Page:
This statement runs counter to our instincts. If people accept us and offer us friendship, we naturally want to “walk in step” with them. Psalm 1:1 warns us, however, that the happiness we find in acceptance will not last if we find our acceptance with wicked people. Wickedness is always destructive. Ultimately, God will judge the wicked but even before that judgment, the Bible teaches us that wickedness leads us into destructive ways. The feeling of acceptance and safety we find among wicked friends will lead us to do wicked things to “keep in step” with them. Those wicked actions are like seeds buried in the ground; eventually, they will bear fruit in our lives and the fruit of wickedness will always be painful and destructive.

The contrast to those who seek acceptance from the wicked is found in verse 2. The happy person, the “blessed one” (Ps 1:1a) is the person “whose delight is in the law of the Lord.” Because God is eternal and perfect, his word points us to eternal principles that will always be right. They may bring short-term pain but, if you love God and his word, if you are one who “meditates on his law day and night,” you will find stability and fruitfulness in your life (v. 3). Meanwhile, the wicked seeds sown by the wicked will cause them to be blown away (v. 4) and rejected in God’s judgment (v. 5). Ultimately, their ways will lead “to destruction.”

I’m glad you’ve subscribed to these devotionals and I hope they are a blessing in your life. My goals for them are (a) to help you be in the Word each day by making it as easy as possible and (b) to help you look at your life through the microscope of God’s word, think about what you see there, and make changes accordingly.

The first thing I want you to consider is, who do you spend your time with? Do you spend your time in God’s word and with his people? Or are you trying to keep in step with wicked people–ungodly friends as school, ungodly co-workers or family members, celebrities, actors, and journalists who care nothing about God?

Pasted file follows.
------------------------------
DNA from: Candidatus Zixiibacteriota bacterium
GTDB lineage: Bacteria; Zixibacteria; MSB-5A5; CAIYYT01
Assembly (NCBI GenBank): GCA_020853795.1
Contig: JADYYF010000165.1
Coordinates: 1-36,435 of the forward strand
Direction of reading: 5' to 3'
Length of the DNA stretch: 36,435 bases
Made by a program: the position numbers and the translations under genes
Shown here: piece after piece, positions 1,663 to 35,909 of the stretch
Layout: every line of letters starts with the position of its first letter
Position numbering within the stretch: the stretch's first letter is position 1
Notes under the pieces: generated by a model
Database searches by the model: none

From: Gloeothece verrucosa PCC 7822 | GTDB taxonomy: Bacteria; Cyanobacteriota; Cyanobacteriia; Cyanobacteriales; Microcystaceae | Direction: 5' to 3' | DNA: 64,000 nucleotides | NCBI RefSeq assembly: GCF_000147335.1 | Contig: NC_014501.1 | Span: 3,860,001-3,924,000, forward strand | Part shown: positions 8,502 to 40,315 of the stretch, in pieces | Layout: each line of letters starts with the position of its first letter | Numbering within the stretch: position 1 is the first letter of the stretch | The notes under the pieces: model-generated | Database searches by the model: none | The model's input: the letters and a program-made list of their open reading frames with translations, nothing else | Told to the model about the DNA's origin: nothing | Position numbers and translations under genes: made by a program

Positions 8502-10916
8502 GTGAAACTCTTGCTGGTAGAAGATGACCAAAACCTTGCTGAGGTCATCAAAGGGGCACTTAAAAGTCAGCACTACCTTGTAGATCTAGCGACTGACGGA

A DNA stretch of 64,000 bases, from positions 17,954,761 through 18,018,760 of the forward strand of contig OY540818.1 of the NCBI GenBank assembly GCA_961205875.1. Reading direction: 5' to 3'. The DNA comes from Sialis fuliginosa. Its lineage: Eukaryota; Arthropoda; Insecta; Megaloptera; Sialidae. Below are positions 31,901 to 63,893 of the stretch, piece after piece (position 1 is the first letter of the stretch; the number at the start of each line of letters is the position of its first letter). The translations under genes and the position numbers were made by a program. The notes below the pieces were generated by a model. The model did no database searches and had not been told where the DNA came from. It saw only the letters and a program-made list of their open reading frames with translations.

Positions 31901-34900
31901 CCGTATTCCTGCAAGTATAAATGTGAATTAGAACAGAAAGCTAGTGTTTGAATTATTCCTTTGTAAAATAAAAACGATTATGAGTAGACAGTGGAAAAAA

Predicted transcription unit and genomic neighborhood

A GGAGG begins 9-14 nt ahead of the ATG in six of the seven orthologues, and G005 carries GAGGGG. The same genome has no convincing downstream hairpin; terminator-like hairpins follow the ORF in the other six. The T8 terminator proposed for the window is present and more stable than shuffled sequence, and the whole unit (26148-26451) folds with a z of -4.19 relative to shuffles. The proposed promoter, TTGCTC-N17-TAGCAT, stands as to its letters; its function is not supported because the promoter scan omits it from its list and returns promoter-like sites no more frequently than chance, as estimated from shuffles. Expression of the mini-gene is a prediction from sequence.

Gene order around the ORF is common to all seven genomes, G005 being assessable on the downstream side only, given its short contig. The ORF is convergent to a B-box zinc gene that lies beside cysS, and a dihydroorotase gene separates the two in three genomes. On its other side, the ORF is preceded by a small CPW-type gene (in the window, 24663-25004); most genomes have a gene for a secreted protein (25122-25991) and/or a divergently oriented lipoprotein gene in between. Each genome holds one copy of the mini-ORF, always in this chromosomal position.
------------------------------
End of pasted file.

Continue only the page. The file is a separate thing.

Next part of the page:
The beginning of a new year is a great opportunity to re-assess your life. Maybe it is time to look at where your time is spent and make some changes for God’s glory and for your own flourishing (v. 3).

Thanks for reading and happy new year!

2 Kings 7, Micah 1, Proverbs 25:1-14

Read 2 Kings 7, Micah 1, and Proverbs 25:1-14.

This devotional is about Proverbs 25:1-14.

I know nothing about metallurgy but I read on the Internet that “dross” is the “scum or unwanted material that forms on the surface of molten metal.” Verse 4 here in Proverbs 25 told us that if you “Remove the dross from the silver” that “a silversmith can produce a vessel.” That suggests–and, again, I’m not sure because… metallurgy–but it suggests that the dross weakens the silver in some way.

If you separate that scum from the silver, though, the silversmith can make something more valuable. That principle is applied in verse 5 which says, “remove wicked officials from the king’s presence, and his throne will be established through righteousness.” Evil men who advise a ruler weaken him. They weaken his decision-making and his moral authority. Separate that scum from his rulership, then his authority and rule will be strengthened.

You don’t have to be a king to apply this to your life. Each of us has influences that weaken us. We have friends that get us thinking or talking negatively or friends that tempt us to sin. We watch too much TV and then complain that we don’t have time to read God’s word and pray. We listen to music or talk radio on the way to work when a good podcast or audiobook would encourage us or challenge our thinking.

What scummy influences in your life are weakening it? Skim them out and be a stronger person!

2 Samuel 10, Ezekiel 48, Proverbs 22:1-16

Read 2 Samuel 10, Ezekiel 48, and Proverbs 22:1-16.

This devotional is about 2 Samuel 10.

Here in 2 Samuel 10, David—the great warrior king—tried to build a political alliance. According to verse 1, the Ammonite king died and verse 2 tells us his name was Nahash. This man was mentioned in 1 Samuel 11, where he was instrumental in beginning Saul’s career as Israel’s king. Back then, Nahash had besieged Jabesh Gilead and demanded incredibly cruel and gruesome terms for a peaceful settlement (1 Sam. 11:1-11). Saul mustered the men of Israel and defeated Nahash and his army which rallied the nation to Saul as their leader.